China to investigate bank exposures after corporate buying spree

China’s banking regulator has ordered a probe into banks’ exposure to some of the country’s best connected and most acquisitive firms, as concerns grow over systemic risk posed by their buying spree.

Liu Zhiqing, deputy director of the China Banking Regulatory Commission, told journalists on Thursday that his agency was worried about “the systemic risk of some large enterprises” and whether it could be transmitted to other institutions, including China’s smaller banks.

He declined to give specific names of firms involved, saying the order applies “broadly”.

Shares in listed companies owned by real estate-to-entertainment giant Dalian Wanda, consumer conglomerate Fosun, and acquisitive airline group HNA all fell sharply on Thursday as news of the order – which also covers unlisted insurer Anbang – spread rapidly.

The companies are affiliated with a wide range of political factions, giving credibility to the crackdown and indicating Beijing’s resolve to tackle a problem that is increasingly worrying regulators. The concern is that overseas assets were acquired by Chinese firms using creative financing methods, including issuing of high-interest financial products.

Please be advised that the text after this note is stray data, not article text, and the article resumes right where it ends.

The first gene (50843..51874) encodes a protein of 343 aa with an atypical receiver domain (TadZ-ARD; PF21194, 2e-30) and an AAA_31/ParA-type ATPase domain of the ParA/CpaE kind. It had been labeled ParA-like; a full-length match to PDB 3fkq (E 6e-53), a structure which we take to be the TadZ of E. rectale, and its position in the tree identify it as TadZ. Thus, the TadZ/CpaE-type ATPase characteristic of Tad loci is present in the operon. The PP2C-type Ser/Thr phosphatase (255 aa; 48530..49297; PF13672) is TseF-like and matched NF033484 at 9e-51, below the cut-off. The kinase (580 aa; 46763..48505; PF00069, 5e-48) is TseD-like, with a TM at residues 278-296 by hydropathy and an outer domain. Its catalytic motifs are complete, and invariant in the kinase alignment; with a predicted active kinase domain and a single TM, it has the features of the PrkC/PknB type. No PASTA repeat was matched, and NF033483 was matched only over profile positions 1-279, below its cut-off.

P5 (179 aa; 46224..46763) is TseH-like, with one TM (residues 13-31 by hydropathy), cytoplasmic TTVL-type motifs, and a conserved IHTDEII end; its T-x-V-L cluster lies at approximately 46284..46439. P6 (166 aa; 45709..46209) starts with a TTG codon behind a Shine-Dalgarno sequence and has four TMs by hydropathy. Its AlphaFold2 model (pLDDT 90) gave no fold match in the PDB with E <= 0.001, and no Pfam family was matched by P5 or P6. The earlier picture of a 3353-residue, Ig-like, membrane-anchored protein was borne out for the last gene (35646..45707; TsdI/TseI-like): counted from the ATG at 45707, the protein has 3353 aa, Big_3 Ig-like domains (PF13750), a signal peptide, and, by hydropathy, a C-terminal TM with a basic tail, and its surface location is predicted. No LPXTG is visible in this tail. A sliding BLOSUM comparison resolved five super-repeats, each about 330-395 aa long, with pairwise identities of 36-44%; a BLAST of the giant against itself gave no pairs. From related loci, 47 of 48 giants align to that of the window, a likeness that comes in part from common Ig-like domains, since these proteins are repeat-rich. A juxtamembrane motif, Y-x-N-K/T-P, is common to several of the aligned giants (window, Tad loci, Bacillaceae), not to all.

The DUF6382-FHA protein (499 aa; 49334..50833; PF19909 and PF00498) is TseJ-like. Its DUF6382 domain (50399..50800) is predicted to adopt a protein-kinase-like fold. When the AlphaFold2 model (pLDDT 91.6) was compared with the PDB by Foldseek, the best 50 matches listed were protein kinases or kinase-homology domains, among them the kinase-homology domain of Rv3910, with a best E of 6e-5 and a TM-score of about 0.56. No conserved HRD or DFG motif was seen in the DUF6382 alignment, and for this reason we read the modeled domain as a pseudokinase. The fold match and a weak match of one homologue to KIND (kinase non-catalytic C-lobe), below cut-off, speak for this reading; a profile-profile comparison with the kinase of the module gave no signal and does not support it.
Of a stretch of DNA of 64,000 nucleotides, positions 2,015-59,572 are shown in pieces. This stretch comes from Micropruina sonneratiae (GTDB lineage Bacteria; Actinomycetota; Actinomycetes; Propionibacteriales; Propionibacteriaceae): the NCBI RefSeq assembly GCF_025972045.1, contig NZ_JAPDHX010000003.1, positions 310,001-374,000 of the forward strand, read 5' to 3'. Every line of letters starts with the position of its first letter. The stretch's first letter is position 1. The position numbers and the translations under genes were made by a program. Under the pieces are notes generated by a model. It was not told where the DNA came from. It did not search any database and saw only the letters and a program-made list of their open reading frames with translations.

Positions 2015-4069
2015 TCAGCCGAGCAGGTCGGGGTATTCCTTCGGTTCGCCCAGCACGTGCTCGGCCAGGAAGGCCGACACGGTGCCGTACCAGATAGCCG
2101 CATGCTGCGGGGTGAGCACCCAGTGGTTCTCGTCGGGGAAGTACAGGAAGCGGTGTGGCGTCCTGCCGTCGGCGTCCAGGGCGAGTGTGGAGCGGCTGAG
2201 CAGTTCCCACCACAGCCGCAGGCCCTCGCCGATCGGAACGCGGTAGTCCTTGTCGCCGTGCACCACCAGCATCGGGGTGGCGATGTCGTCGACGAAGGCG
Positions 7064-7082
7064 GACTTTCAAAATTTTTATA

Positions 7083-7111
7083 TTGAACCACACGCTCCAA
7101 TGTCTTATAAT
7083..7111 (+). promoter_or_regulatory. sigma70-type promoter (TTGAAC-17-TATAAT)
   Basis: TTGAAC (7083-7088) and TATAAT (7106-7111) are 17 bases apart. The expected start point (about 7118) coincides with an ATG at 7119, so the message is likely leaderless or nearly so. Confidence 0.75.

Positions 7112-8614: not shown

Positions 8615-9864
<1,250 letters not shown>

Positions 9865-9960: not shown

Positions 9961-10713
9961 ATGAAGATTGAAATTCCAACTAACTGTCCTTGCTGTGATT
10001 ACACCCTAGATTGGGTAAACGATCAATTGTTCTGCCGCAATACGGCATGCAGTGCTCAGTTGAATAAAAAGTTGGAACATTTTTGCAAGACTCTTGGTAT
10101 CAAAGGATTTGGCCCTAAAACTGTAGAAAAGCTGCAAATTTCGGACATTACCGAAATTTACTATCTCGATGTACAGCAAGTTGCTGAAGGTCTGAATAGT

Dalian Wanda, whose chairman Wang Jianlin is one of China’s richest men with a fortune estimated at $31bn, was particularly hard hit.

The company’s film unit applied for a trading halt after its Shenzhen-listed shares fell nearly 10 per cent during the Thursday morning session, wiping out $1bn of equity value. The yield on a dollar bond due in 2024 for the recently delisted Dalian Wanda Commercial Properties rose 1.628 percentage points on Thursday to 6.708 per cent.

The company initially blamed the drop on online rumours, and was forced to deny that a major Chinese bank had issued instructions to sell the company’s debt.

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“There are people today who spread the rumour that China Construction Bank has issued an order to sell Wanda’s bonds. After investigation, CCB never issued such a notice,” Wanda said on its official account on the Chinese social media site Weibo.

A person close to Dalian Wanda said that Mr Wang was at work on Thursday and was “safe, happy, and at his desk”.